Middleware is supposed to solve integration problems, but some say its proliferation may cause more integration problems than it solves. For instance, in November, ZapThink wrote a piece arguing that one reason SOA hasn't cut integration costs is because companies are using too much middleware.
Recently, I interviewed Craig Muzilla, vice president of JBoss at Red Hat. We chatted about potential problems with open source up the stack, JBoss's new product announcements, and the market in general. But since JBoss is Red Hat's middleware division, I couldn't resist asking him for his opinion on middleware and whether its proliferation inside companies is causing problems.
Is middleware causing more integration problems than it solves or is middleware integration, as ThoughtWorks chief scientist Martin Fowler and Dr. Jim Webber once put it, "a fat bloke with a beer belly and man boobs?"
People who don't regularly read my blog are always a bit taken aback by questions like that, so I rephrased the question.
"Are companies using too much middleware?" I asked.
Muzilla was a good sport about it, particularly for someone who makes a living developing and selling middleware products. The problem, he said, isn't the middleware but a lack of a common reference architecture:
"Most companies try to come up with a methodology or an architecture or a reference architecture and choose some best of breed pieces to that architecture and try to standardize. Then I would argue that that is not too much middleware, that's the right balance and you can achieve more efficiencies. If its too disparate and there are too many different components and too many different methodologies in there, yeah it becomes very, very difficult."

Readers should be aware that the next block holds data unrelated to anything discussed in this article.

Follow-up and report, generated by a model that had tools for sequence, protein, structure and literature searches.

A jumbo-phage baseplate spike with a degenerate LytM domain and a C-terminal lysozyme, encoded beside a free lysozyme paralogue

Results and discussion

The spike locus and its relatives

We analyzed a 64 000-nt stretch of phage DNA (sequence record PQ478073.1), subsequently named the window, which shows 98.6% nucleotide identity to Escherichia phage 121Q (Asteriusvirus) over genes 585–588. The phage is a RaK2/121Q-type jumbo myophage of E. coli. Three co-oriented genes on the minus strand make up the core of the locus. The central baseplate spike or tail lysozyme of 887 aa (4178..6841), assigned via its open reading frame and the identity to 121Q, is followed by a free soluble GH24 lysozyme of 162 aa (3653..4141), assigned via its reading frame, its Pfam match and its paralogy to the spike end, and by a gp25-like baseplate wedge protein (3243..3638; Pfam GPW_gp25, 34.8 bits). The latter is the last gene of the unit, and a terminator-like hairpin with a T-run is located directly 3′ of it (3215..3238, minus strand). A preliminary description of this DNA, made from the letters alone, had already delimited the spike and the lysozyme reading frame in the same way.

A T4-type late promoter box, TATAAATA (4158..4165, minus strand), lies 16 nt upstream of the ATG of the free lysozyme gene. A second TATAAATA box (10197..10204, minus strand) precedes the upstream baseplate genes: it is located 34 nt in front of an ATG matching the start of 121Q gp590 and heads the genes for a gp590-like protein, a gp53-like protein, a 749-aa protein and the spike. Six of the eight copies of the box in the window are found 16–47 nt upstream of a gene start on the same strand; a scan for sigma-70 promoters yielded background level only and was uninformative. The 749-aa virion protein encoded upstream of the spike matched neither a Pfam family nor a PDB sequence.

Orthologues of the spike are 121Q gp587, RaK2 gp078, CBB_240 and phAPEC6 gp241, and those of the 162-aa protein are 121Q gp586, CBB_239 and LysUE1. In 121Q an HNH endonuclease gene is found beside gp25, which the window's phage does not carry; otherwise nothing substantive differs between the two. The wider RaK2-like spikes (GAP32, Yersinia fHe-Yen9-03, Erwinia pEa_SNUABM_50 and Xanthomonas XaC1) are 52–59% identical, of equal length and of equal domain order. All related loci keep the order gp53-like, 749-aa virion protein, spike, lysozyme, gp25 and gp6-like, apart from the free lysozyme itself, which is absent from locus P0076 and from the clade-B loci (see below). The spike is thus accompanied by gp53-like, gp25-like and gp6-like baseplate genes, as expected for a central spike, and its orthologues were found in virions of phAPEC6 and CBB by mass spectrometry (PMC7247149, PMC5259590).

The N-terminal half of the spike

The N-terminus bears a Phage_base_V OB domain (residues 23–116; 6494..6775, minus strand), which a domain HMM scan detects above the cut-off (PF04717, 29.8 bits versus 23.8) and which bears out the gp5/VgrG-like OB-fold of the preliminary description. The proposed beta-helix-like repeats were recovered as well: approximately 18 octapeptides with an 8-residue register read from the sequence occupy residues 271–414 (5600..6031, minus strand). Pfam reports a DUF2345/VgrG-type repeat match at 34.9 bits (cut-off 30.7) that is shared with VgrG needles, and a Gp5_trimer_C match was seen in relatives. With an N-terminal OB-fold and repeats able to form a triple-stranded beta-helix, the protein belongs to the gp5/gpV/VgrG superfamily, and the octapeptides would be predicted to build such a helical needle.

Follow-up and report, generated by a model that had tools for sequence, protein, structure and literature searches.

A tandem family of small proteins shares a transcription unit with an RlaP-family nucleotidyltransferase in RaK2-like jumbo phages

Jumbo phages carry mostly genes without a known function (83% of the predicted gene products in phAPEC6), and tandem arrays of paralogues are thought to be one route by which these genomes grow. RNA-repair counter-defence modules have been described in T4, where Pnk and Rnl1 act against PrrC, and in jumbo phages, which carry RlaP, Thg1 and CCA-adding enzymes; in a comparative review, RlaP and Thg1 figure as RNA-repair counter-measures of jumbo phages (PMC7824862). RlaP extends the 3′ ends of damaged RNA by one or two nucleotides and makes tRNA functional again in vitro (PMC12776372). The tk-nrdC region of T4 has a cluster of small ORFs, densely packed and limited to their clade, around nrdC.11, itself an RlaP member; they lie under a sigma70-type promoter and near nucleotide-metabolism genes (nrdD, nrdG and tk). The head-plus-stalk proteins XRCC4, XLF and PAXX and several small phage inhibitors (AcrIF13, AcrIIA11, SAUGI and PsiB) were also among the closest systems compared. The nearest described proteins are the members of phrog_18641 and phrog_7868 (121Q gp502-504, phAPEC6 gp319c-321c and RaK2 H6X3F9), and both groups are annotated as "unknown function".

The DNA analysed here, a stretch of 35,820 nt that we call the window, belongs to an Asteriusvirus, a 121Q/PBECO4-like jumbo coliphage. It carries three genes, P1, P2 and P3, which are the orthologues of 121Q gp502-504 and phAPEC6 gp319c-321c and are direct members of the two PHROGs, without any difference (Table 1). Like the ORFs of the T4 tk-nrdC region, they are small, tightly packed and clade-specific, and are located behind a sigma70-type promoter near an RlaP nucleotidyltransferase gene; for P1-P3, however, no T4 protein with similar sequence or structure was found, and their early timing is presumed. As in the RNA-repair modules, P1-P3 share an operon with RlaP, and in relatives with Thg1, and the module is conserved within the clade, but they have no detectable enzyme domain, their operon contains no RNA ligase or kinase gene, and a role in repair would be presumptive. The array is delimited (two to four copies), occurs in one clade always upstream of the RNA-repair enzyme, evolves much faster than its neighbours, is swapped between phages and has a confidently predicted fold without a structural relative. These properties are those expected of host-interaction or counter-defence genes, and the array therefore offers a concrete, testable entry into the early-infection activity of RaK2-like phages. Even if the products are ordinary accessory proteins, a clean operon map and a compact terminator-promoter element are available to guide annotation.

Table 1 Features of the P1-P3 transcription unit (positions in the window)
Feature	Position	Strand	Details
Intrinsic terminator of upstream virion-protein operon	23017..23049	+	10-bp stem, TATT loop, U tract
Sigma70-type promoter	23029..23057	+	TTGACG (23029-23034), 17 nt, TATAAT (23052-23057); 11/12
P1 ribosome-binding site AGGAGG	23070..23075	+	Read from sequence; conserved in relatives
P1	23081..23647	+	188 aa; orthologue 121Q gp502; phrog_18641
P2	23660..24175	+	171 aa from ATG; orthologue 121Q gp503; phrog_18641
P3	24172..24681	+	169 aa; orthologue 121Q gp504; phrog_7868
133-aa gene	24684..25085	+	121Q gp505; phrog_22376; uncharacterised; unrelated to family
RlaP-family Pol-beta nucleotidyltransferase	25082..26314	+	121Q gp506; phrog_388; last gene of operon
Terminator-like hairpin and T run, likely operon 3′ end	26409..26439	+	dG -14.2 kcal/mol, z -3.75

Another problem attributable to poor planning, it seems.
I jokingly asked, "What's the solution, switch everything to JBoss?"
"That's one answer," he chimed back.
Ultimately, Muzilla pointed out, middleware is about convenience. It won't work for all situations, but in general, it can help in 80-90 percent of situations:
"You don't need middleware. You could literally write code to solve any problem. The problem is that it's really tough sometimes to do that and middleware tries to close the gap by saying, "Okay, here's a way that you, Mr. Developer, don't need to write the code yourself to call these two services but there is something in between that provides the security, that does the beta transformation, that may translate messages. You know, there are some things that may help make your life a little easier.' That's all middleware is."
I think he makes a good point. Is it really fair to blame the middleware - to, in effect, blame the software messenger? Or is the real problem a lack of internal planning. Feel free to join our Knowledge Network discussion on this topic.